20th Century Genius

Essay by RectifierUniversity, Bachelor's December 2005

download word file, 6 pages 0.0

20th Century Genius Award.

Einstein has become a symbol of the modern science, a figure that has subverted all the patterns of the American definition of the hero. Einstein was the first intellectual superstar and he has gained his popularity via the only way Americans will accept it: an intuitive non-academical intelligence, and by applying the discoveries of his brilliant mind to pragmatic things (such as rockets and the atomic bomb).

Einstein was enormously helped by the fact that he wasn't associated with any renowned educational university or institution. His statute wasn't dependent on an official crediting, things towards which society have a dual attitude: they insist upon them, and, on the other hand, they don't trust them. On the contrary, Einstein was the scientist that won the congeniality of the crowds, of the common people, even though he spoke the obscure language of mathematics.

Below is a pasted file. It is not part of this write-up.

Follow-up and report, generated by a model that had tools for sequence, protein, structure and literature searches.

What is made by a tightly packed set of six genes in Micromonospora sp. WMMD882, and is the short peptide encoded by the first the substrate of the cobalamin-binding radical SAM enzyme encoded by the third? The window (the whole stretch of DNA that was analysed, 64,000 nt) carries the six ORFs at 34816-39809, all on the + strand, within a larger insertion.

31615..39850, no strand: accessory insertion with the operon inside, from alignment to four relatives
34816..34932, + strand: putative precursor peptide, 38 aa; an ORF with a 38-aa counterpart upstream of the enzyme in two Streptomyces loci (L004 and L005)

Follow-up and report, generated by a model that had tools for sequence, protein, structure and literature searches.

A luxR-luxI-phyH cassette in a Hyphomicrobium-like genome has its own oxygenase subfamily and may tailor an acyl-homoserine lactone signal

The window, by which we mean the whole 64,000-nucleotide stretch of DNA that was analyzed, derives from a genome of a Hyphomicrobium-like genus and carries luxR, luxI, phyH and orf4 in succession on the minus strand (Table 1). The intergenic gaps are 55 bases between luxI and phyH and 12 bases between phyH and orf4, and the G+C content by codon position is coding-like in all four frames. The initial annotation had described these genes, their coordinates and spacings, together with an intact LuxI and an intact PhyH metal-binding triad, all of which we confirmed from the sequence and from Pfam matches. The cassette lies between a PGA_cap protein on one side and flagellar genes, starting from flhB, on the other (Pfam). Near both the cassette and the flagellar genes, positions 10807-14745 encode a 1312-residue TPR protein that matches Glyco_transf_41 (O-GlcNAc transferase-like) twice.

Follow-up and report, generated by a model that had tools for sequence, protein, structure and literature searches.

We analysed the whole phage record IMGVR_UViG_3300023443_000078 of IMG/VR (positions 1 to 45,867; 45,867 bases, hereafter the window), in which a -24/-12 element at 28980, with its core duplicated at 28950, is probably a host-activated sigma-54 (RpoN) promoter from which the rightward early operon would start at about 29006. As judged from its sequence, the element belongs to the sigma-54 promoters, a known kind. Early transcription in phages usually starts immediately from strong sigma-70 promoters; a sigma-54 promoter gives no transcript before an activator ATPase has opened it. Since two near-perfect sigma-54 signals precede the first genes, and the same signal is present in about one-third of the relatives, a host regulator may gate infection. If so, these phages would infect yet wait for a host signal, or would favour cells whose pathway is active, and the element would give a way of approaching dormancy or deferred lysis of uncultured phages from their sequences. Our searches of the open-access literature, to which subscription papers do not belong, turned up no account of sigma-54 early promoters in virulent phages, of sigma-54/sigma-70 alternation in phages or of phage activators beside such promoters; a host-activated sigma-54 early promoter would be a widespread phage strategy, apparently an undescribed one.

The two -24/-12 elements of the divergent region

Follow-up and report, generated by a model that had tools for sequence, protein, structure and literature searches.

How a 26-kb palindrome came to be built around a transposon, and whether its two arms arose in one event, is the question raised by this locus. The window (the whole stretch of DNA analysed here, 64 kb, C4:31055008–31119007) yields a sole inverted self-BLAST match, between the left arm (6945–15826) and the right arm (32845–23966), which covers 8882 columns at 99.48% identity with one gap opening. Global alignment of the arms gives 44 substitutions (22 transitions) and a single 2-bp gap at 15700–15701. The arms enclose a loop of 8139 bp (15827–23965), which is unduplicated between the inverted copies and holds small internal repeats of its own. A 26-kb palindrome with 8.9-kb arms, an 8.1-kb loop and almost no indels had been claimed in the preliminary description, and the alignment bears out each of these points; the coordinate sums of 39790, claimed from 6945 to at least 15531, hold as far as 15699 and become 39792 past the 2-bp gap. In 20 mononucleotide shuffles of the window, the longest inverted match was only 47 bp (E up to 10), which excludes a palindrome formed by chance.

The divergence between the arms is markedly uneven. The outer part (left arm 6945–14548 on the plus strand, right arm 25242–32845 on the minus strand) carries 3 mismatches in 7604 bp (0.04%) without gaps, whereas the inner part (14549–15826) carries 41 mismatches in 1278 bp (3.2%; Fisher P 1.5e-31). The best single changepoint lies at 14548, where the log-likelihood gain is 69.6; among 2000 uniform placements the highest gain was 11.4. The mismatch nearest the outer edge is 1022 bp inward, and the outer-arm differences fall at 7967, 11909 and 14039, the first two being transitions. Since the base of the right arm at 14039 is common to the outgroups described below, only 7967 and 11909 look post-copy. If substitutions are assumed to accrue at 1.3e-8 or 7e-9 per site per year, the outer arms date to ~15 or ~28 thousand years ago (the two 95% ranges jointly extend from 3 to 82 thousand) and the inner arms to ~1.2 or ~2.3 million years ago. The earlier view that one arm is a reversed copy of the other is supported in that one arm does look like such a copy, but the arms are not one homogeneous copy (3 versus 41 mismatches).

Albert Einstein was born on March 14th, 1879 in Ulm, a modest town in Germany.

His father, Hermann Einstein, was an electrician who had stray impulses of an inventor. His mother, Pauline Koch, had a serious nature and a musical inclination that Albert inherited. The brother of his mother, Caesar Koch, an engineer who lived with the family, had a great influence upon the child, mostly in what exact sciences are concerned. Einstein's uncle revealed to him the fascinating side of mathematics, saying, "It's an amusing science. When we run after an animal and we can't catch it, we name it for a moment x, and we continue to pursue it until we put it into the sack."

As a schoolboy at the primary school of the parish his family belonged to, Einstein excelled far from his classmates at mathematics, but had poor results in other subjects. Einstein had begun to talk late, to the...